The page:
Collateral transformation is a key part of central banks' liquidity insurance role in financial markets.
Collateral transformation allows participating banks to temporarily exchange less liquid forms of collateral, for collateral which is more liquid.
For example, a participant might exchange corporate bonds, which are less liquid, for high-quality and highly liquid sovereign securities (gilts).
Examples of collateral transformation facilities include the Bank of England's:
- Discount Window Facility (DWF).
- Contingent Term Repo Facility (CTRF).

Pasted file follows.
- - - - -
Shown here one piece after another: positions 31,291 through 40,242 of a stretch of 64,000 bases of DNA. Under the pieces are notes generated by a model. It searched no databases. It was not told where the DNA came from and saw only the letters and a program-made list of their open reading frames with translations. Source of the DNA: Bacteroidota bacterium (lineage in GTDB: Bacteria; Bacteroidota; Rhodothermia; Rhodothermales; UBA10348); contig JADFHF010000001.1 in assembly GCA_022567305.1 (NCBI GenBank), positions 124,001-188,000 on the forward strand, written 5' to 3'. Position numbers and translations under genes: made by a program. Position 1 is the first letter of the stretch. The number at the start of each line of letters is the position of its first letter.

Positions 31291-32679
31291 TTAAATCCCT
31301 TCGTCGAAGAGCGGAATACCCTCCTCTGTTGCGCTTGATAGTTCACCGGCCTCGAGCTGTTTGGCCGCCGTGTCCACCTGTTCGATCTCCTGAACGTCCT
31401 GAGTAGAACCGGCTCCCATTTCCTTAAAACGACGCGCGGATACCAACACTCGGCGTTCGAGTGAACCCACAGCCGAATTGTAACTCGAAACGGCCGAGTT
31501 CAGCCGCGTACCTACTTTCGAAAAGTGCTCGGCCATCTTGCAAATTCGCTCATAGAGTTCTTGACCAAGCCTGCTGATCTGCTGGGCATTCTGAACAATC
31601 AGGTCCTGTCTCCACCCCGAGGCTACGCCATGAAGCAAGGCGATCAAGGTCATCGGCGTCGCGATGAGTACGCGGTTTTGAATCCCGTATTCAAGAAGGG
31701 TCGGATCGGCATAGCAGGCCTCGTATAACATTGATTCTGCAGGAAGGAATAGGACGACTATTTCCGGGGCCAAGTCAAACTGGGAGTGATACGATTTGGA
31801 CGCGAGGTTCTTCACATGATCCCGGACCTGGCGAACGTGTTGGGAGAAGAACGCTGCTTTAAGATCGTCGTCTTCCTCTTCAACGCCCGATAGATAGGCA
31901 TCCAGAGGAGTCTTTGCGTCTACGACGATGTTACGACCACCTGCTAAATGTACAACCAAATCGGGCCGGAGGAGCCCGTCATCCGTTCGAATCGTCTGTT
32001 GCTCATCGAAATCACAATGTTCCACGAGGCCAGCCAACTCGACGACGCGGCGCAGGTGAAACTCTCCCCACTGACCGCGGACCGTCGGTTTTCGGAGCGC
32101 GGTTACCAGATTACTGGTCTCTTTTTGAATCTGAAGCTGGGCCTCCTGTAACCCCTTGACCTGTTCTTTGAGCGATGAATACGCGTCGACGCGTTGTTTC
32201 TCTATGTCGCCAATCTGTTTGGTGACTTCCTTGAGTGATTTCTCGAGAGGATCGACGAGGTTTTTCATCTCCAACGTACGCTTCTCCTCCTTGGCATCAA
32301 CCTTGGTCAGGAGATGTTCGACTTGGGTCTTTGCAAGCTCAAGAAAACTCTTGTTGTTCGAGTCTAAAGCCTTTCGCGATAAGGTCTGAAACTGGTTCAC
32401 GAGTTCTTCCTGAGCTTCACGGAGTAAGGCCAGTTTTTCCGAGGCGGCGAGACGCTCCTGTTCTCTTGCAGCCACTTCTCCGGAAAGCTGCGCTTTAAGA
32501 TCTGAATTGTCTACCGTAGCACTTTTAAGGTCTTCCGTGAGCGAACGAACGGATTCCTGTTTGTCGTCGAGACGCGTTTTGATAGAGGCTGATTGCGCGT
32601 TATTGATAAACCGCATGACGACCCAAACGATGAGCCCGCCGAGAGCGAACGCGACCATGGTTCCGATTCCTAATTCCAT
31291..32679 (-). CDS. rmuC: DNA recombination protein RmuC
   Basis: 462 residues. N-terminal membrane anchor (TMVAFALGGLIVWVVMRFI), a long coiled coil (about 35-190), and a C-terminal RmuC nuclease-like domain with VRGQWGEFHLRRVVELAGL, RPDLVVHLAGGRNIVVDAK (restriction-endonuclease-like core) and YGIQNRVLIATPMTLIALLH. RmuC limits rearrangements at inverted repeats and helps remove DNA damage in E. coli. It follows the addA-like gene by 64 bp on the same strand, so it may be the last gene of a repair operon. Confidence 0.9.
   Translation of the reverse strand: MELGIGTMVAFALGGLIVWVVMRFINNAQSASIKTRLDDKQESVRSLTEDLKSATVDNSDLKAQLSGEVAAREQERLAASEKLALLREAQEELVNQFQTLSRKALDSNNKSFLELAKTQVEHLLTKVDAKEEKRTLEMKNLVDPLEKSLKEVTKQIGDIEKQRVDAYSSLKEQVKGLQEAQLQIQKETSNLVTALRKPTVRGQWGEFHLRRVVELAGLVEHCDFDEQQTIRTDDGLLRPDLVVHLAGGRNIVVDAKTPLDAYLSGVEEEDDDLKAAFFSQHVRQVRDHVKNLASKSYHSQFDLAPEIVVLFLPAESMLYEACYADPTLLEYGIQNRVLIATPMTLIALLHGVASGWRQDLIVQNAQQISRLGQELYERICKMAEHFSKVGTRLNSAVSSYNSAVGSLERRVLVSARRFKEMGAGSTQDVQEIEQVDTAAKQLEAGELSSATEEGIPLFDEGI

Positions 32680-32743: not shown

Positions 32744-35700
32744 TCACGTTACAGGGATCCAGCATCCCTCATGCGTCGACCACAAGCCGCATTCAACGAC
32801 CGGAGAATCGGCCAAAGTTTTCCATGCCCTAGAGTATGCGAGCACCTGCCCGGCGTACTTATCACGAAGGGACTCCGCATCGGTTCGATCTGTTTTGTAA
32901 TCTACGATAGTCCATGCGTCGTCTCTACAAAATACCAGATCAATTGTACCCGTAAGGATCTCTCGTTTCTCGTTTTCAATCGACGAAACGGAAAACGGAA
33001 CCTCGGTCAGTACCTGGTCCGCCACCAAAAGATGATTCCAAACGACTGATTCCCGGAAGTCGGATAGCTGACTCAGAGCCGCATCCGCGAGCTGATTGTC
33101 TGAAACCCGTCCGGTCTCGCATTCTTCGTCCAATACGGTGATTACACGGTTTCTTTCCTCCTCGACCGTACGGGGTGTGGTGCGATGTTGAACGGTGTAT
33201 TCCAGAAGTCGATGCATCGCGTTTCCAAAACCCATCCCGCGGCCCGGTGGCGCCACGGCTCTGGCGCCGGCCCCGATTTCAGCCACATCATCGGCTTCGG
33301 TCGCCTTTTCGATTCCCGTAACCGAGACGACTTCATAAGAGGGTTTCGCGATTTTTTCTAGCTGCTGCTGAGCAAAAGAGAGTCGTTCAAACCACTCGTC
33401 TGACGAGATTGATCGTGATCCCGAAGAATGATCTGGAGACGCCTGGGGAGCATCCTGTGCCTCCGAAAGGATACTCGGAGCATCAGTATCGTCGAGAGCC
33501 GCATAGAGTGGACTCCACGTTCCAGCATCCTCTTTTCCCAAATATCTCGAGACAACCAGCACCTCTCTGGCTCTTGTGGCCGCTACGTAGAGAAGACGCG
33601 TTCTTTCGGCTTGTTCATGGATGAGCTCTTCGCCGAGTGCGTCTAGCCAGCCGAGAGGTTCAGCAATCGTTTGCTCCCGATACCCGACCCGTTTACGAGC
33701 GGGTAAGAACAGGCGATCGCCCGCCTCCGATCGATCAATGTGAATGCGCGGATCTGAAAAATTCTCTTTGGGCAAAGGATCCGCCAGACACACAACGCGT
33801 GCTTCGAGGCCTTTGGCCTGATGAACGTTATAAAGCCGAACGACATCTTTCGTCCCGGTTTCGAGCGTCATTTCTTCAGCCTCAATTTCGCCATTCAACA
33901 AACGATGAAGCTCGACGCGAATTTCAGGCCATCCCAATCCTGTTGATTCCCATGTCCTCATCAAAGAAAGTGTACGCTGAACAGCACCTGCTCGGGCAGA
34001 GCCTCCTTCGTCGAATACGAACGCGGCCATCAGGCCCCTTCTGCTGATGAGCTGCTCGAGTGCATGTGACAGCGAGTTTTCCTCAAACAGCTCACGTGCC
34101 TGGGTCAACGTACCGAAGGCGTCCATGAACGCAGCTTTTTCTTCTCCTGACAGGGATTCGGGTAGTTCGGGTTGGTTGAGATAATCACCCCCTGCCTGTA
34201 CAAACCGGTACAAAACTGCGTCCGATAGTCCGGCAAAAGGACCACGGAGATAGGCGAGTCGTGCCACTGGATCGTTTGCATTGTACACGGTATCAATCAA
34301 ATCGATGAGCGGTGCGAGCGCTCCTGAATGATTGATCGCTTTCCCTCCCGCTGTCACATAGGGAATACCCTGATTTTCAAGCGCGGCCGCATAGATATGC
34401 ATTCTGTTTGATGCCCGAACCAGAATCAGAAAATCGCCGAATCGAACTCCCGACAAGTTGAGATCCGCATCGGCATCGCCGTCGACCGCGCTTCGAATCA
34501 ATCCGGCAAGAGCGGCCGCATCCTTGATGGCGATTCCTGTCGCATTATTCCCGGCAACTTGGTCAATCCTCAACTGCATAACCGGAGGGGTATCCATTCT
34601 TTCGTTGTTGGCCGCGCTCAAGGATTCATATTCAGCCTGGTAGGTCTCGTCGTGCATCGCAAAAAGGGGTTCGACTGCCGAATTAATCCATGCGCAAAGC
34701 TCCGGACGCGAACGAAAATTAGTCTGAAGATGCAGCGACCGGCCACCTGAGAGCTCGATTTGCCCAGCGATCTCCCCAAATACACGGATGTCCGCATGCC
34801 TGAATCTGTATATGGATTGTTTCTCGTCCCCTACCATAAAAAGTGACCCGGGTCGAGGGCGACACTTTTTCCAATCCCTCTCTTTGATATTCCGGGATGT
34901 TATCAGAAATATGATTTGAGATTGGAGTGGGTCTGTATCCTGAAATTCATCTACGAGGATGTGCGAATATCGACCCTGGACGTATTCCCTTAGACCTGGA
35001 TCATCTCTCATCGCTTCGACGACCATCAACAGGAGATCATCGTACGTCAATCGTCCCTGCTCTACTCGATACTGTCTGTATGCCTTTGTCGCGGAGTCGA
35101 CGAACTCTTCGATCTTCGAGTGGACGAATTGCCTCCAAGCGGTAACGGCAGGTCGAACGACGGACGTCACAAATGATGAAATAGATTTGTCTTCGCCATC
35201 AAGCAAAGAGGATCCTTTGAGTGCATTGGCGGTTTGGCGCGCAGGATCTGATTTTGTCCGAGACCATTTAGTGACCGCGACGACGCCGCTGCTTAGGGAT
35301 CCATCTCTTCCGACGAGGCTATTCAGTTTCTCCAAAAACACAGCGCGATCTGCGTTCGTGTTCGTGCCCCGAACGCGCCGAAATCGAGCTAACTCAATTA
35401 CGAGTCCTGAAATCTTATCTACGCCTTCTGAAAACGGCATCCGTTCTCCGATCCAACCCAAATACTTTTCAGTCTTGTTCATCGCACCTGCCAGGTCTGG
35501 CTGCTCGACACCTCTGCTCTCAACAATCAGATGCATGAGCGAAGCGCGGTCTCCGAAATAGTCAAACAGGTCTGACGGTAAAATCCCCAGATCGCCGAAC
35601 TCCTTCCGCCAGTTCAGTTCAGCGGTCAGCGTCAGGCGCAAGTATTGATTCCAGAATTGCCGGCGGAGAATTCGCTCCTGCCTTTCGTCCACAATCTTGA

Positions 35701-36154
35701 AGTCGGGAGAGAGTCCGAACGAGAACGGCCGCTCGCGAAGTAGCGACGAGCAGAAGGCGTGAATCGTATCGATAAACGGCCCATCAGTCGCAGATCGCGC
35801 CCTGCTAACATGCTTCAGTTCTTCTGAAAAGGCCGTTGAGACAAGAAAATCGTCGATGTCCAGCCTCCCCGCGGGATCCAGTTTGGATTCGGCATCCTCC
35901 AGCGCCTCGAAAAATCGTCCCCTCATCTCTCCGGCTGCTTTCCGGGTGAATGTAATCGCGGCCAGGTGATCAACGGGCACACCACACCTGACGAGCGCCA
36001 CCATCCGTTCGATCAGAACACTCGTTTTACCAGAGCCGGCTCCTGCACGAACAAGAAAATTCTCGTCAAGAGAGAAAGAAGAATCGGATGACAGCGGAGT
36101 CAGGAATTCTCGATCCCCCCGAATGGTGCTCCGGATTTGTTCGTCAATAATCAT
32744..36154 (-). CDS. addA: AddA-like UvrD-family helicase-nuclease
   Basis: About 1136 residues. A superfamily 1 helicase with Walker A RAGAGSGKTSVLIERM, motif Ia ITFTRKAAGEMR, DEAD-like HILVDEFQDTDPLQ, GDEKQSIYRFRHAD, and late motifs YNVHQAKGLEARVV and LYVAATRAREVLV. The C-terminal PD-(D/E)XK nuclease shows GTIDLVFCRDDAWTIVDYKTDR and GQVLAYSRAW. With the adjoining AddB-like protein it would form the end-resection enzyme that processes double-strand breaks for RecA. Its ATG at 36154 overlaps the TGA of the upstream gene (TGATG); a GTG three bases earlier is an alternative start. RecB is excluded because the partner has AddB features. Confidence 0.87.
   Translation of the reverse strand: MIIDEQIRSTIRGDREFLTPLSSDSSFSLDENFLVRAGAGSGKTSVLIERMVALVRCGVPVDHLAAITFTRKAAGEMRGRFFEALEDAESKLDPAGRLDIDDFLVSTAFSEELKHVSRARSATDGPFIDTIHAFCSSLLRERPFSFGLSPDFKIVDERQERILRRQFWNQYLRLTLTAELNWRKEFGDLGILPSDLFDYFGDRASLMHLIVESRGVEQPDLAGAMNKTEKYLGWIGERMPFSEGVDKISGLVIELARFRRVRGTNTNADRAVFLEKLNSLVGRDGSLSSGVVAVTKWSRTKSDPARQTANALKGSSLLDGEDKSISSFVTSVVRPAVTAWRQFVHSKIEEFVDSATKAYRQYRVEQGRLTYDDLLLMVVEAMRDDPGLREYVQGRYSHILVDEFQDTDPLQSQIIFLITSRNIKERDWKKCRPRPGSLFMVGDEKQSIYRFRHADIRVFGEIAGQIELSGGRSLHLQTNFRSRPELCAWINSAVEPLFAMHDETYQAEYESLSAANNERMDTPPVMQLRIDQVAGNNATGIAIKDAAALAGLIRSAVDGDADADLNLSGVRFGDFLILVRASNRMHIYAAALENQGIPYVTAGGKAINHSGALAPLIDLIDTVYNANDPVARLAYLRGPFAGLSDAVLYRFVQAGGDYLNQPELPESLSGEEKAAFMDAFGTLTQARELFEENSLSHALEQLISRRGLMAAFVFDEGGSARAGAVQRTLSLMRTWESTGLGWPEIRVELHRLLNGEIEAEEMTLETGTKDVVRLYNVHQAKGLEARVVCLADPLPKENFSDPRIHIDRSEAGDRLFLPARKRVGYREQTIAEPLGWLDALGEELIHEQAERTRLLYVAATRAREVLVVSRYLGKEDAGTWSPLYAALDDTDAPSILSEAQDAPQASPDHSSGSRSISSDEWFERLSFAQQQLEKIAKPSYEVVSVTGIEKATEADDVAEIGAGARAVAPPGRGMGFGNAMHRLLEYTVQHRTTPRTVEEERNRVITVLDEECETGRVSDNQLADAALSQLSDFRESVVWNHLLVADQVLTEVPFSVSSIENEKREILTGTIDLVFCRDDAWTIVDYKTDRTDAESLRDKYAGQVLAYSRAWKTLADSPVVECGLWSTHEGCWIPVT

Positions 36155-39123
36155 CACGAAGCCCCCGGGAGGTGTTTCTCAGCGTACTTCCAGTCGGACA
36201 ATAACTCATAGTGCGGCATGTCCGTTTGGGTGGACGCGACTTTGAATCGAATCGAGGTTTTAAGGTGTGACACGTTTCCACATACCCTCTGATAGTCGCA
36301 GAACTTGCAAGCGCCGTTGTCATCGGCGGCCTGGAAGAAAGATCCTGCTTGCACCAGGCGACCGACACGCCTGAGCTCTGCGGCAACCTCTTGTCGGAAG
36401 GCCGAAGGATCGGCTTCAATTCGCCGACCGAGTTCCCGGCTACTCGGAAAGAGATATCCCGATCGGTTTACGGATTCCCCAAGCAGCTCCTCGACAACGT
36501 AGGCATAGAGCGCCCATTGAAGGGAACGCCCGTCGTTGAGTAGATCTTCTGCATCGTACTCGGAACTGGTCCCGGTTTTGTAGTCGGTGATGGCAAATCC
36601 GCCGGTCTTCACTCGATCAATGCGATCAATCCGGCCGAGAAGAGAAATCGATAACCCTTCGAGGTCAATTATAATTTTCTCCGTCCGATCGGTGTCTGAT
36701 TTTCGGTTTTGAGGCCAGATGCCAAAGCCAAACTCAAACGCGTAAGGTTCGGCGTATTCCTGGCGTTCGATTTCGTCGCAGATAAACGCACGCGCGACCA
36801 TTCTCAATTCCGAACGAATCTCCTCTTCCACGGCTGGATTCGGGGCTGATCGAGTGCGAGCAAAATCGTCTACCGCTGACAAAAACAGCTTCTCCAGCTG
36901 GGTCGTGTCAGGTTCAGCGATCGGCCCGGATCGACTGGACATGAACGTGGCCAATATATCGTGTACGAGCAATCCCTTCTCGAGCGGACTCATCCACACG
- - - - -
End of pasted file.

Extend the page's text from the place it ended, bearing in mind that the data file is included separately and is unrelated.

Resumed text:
Collateral transformation is one type of 'liquidity upgrade'.
The purpose is normally to enable a participating bank which uses the facility to go on to borrow in the private market, against the improved security of the temporarily 'upgraded' collateral.
The fees and other terms attached to the central bank's facilities are set at levels designed to ensure that participants use them as a back-stop to private market liquidity management, rather than using the central bank's facilities routinely.
- Bank of England
- Central bank
- Contingent Term Repo Facility
- Discount Window Facility
- Indexed Long-Term Repo operations
- Interest rate transformation
- Liquidity insurance
- Maturity transformation
- Money market
- Operational Standing Facilities
- Sterling Monetary Framework